From the New York Sunday Mercury, 6/1/1862


Now that our forces are so near Richmond, a few incidents of prison life in the tobacco manufactories might be interesting to the reader in search of truth. After the Battle of Bull Run, on the 21st of July, 1861, among those captured I was marched to Manassas Junction, where we remained in the drizzling rain, which fell all night. Owing to the extreme fatigue of body attending on the heat of the day, forced marching, and the battle-field, I slept peaceably and sound, and for a moment on awakening the next morning, it was almost impossible for me to decide where I was; but gradually a vivid sense of my position forced itself upon me, and I realized that I was a prisoner. All day on the 22nd, following the battle, we remained standing in the slowly-falling rain, wetting us to the skin. Around us stood guards, close together, and beyond them a gaping multitude of idle gazers, looking at the "Yankees" – evidently, from the way they eyed us, supposing us to be some curious animal, and remarking: "Why, they look just like our folks!" "Lord, they're white folks just like we are." And asking us: "What made you come down here for?" All day long we were kept in this position, nothing given to us to eat, and-must I say it? – water could not be obtained, unless, thanks to God for the falling rain of that day, when caught in an India-rubber blanket, poured into a tin-cup. And bitter, brackish, sickish to the taste as was this water, 'twas like nectar to the half-famished men who, many of them, had not tasted a drop of water since the previous bloody day. About 5 o'clock, P.M., however, some hard biscuit and rancid bacon were divided among us, and we were marched to the railroad depot, and placed in baggage and freight cars, en route for Richmond. Here Fortune was propitious, for the rain dripping from the tops of the cars presented a rich harvest of pure water to the thirsty men. It was a perfect godsend. It was hard in the extreme to see the avidity with which the poor fellows sought to catch the falling drops, as their thirst was doubly increased by the salt meat just served out.

About six o'clock the next afternoon, we arrived in Richmond, and, well guarded, were marched through the streets, hooted, hissed, and blackguarded in a manner I could hardly have believed would have occurred in a city belonging to a civilized nation. But seeing what I have of them has changed my mind considerably. About dark, we reached one of the vile tobacco factories destined to receive us, and from whose doors many of the brave boys who entered them were never more to pass, until in a pine coffin, conveyed in a rickety cart, they should fill a grave in some distant portion of the negro burying-ground of the capital city of Virginia. Is it too much to ask one passing thought to those who thus died and still fill the humble tenement? In the building with myself were five hundred and thirty-eight souls-two hundred on one floor, and three hundred and thirty-eight on the floor above, these floors being some one hundred by thirty feet. Here, for some three or four weeks-if I may be allowed the expression-we were left to rot; and ere that time, vermin had made their appearance, and, notwithstanding all endeavors to the contrary, "reigned supreme." It was a fine specimen of close packing, at night, when we turned in, and it would have been difficult to one not accustomed to moving among a crowd to have made their way through the room with stepping on some part of the human mass that strewed the floor. Even in the day it was difficult navigation.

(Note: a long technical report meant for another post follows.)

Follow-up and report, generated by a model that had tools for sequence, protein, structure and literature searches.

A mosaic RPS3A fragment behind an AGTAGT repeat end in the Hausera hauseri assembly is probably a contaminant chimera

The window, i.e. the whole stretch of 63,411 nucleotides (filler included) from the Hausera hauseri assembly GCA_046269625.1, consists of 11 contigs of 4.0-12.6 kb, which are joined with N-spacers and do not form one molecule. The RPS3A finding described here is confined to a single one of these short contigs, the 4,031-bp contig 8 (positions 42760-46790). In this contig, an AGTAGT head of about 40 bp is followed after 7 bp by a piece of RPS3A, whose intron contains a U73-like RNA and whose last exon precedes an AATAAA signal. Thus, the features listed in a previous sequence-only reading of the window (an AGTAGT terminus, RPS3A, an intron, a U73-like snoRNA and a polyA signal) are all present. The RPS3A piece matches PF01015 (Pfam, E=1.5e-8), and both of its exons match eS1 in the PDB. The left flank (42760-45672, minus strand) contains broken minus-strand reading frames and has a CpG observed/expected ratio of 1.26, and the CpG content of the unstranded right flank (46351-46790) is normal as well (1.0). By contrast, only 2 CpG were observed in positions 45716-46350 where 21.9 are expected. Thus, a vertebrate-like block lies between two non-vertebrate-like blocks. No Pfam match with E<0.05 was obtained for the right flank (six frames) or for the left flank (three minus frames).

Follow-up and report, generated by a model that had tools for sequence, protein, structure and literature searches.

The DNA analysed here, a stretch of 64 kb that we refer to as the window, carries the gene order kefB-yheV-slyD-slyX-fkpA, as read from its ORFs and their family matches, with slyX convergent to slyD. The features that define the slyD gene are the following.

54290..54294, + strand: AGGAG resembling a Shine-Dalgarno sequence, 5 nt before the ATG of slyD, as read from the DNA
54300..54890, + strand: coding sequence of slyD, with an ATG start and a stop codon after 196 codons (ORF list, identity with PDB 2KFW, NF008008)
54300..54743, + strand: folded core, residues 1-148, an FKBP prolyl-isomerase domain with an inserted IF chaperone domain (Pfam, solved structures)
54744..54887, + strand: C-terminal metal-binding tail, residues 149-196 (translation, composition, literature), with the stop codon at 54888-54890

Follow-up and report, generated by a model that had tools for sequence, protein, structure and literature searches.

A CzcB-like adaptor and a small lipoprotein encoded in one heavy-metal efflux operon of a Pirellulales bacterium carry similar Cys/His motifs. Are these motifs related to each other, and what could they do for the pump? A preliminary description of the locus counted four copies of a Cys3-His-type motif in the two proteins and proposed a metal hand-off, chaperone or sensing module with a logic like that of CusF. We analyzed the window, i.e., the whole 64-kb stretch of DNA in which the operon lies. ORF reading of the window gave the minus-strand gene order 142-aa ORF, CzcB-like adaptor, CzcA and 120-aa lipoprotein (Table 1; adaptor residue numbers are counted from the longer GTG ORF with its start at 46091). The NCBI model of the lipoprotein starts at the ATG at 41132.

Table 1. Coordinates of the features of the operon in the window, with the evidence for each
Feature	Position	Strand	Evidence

Lieutenant [David] Todd, of Kentucky, C. S. A., notorious for his cruelty, was in charge of us. Much has been already said of his treatment of our suffering prisoners of war. An incident, however, which I do not think has been in print, occurring at this time, and in which he was chief actor, will better prove his cruel treatment than any other I could mention.

One morning, in passing through one of the crowded rooms, stopped by the crowd who obstructed his passage, he bade them give way; they not obeying his order as quickly as he wished, he drew his sword, and making a step toward one of the nearest of the crowd, who belonged to the First Minnesota Regiment, passed it through the lower portion of the leg, and in withdrawing it he literally cut the piece of flesh to the bone. Remarking coolly, as he passed on: "Take care of the man and clear the road." This act was on par with his other cruelties while in charge. By his orders our prisoners were fired on in the windows, and no less than five wounded and three killed. Another day we were refused water for more than six hours in the day, for the mere crime of spilling some on the floor; and frequently our meals were not served until late in the day. Some four weeks after our arrival, the wounded from Bull Run arrived in Richmond, and some placed in the general hospital, and the remainder-by far the largest portion-conveyed to our prison, Hanwood's [Harwood’s] Tobacco Factory, on Main, corner of Twenty-sixth street, it being the most convenient of access and best adapted to hospital purposes.